A Basic Pyxley App

Here we will go through building a basic web-application using Pyxley and Flask.

I recommend visiting the Real Python blog for a great intro to a basic app.

|   package.json
|   .bowerrc
|   bower.json
    |   app.py
    |   templates
        |   css
        |   js

Some notes about the above structure

  • This assumes that you are running the app from the project folder.
  • Any JavaScript created by the app should go in the js folder.


Node & NPM

At the highest level, Node is our biggest JavaScript dependency. PyReact needs a JavaScript runtime and Node fills that role. In addition, we can use NPM to install Bower. This document won’t show you how to get Node or NPM, but for Mac OS X users, you can get it through homebrew.

Once you have NPM, simply type

npm install -g bower

This will give bower global access so that you can execute it.


Bower is a great package manager. In the examples directory, each of the examples has a bower.json file. This file contains all the necessary packages for the app to run. Install the packages by typing bower install in the directory of the bower.json file. There is a file called .bowerrc that specifies the location that bower will store the libraries.

If the .bowerrc file looks like

    "directory": "./project/static/bower_components"

Then the folder structure in static should look like the figure below after installation.

    |   css
    |   js
    |   bower_components


HTML templates used by flask are stored in the templates folder. For our purposes, we only need a really basic template that has a single div element.

<div id="component_id"></div>

Everything in our app will be tied to this single component.


We store any additional CSS we need in the static\CSS folder.


Courtesy of the Flask website, “Hello, World!” in Flask looks like the code below.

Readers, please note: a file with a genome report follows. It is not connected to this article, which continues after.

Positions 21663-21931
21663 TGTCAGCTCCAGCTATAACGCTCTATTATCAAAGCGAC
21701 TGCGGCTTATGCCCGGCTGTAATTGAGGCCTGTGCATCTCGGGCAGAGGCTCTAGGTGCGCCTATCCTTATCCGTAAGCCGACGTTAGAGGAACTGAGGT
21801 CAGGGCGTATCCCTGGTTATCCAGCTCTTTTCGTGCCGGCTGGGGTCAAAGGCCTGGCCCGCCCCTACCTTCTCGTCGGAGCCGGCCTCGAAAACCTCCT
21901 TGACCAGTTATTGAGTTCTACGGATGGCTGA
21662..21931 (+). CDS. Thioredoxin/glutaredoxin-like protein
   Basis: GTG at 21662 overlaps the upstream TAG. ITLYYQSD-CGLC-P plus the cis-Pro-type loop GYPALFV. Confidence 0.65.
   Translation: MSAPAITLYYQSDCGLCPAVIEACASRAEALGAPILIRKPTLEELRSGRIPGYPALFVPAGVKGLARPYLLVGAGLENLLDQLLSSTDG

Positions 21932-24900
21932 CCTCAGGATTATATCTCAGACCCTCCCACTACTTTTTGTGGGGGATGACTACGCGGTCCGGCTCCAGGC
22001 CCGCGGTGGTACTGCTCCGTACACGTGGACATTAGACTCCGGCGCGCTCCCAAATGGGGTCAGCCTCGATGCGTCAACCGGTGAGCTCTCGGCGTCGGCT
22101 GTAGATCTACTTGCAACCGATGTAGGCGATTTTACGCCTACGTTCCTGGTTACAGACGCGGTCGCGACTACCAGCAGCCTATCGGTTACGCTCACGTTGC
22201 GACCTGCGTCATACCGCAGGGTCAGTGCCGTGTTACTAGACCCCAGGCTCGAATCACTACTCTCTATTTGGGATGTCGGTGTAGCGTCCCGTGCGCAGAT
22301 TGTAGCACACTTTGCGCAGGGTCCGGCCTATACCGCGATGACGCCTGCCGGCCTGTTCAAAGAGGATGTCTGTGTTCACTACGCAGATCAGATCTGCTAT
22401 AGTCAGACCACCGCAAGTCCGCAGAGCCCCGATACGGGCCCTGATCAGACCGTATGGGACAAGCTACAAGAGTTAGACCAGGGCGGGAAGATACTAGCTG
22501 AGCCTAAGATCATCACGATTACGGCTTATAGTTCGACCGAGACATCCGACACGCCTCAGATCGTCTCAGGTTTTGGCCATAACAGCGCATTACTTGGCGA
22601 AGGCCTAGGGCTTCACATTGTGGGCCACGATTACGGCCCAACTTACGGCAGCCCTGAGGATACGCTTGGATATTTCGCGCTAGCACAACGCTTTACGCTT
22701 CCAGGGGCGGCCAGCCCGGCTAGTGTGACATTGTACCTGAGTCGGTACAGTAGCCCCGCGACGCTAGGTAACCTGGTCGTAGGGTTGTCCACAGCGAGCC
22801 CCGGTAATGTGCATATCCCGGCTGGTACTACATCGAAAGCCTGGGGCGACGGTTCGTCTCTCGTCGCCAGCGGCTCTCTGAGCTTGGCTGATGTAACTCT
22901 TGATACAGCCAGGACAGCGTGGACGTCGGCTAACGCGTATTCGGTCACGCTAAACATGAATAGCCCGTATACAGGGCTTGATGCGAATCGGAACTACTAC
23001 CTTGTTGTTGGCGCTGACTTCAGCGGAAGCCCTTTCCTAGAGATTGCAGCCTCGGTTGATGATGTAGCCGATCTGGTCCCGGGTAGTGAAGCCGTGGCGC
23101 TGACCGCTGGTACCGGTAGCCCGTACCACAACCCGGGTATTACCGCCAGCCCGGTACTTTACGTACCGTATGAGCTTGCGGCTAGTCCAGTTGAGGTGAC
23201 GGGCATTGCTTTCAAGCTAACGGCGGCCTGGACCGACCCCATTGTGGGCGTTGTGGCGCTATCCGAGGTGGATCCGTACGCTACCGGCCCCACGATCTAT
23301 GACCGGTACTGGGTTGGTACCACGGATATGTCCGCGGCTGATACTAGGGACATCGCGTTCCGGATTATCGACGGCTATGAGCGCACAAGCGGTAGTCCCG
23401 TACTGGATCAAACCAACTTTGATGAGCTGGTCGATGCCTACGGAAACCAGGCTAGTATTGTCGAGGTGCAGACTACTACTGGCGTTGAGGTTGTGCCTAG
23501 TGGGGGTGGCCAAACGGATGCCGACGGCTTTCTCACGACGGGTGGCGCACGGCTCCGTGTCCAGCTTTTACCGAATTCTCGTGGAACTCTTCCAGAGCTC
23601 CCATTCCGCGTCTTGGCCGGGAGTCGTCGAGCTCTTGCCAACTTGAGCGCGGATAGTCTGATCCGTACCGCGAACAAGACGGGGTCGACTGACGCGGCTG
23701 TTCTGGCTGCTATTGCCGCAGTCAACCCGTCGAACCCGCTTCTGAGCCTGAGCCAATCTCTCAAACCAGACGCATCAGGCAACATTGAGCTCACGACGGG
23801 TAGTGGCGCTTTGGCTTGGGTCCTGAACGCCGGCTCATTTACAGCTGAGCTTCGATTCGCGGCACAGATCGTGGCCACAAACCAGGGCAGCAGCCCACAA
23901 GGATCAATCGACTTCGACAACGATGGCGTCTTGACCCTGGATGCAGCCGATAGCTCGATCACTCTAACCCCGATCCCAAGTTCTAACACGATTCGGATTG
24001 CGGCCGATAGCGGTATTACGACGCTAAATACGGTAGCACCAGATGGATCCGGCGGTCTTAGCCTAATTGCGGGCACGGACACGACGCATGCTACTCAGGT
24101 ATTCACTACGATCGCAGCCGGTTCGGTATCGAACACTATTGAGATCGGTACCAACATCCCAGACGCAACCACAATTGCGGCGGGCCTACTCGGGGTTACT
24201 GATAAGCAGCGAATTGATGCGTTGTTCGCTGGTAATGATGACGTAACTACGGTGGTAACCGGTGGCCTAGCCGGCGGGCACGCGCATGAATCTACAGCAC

from flask import Flask
app = Flask(__name__)

def hello_world():
    return 'Hello World!'

if __name__ == '__main__':

We simply need to build upon this.

Adding Some Pyxley

Let’s start by importing some simple things and building upon the example above. We will import some pyxley components, create a UI, and load a data frame.

# Import flask and pandas
from flask import Flask, render_template
import pandas as pd

# Import pyxley stuff
from pyxley import UILayout
from pyxley.filters import SelectButton
from pyxley.charts.mg import LineChart, Figure

# Read in the data and stack it, so that we can filter on columns
df = pd.read_csv("fitbit_data.csv")
sf = df.set_index("Date").stack().reset_index()
sf = sf.rename(columns={"level_1": "Data", 0: "value"})

# Make a UI
ui = UILayout(

# Create the flask app
app = Flask(__name__)

At this point we now have some data and a layout to build upon. Adding the code below will add a dropdown select button and a line plot.

# Make a Button
cols = [c for c in df.columns if c != "Date"]
btn = SelectButton("Data", cols, "Data", "Steps")

# Make a FilterFrame and add the button to the UI

# Make a Figure, add some settings, make a line plot
fig = Figure("/mgchart/", "mychart")
fig.layout.set_size(width=450, height=200)
fig.layout.set_margin(left=40, right=40)
lc = LineChart(sf, fig, "Date", ["value"], init_params={"Data": "Steps"}, timeseries=True)

Finally, we need to transform all of the inputs into javascript and render the HTML template. This assumes that the index.html template has all of the javascript and css files specified in the HTML.

sb = ui.render_layout(app, "./static/layout.js")

@app.route('/', methods=["GET"])
def index():
    return render_template('index.html')

if __name__ == '__main__':

Now when you run app.py from the project folder, accessing your localhost on port 5000 will lead to a simple plot. This example was adapted from the metricsgraphics example in the Pyxley repository.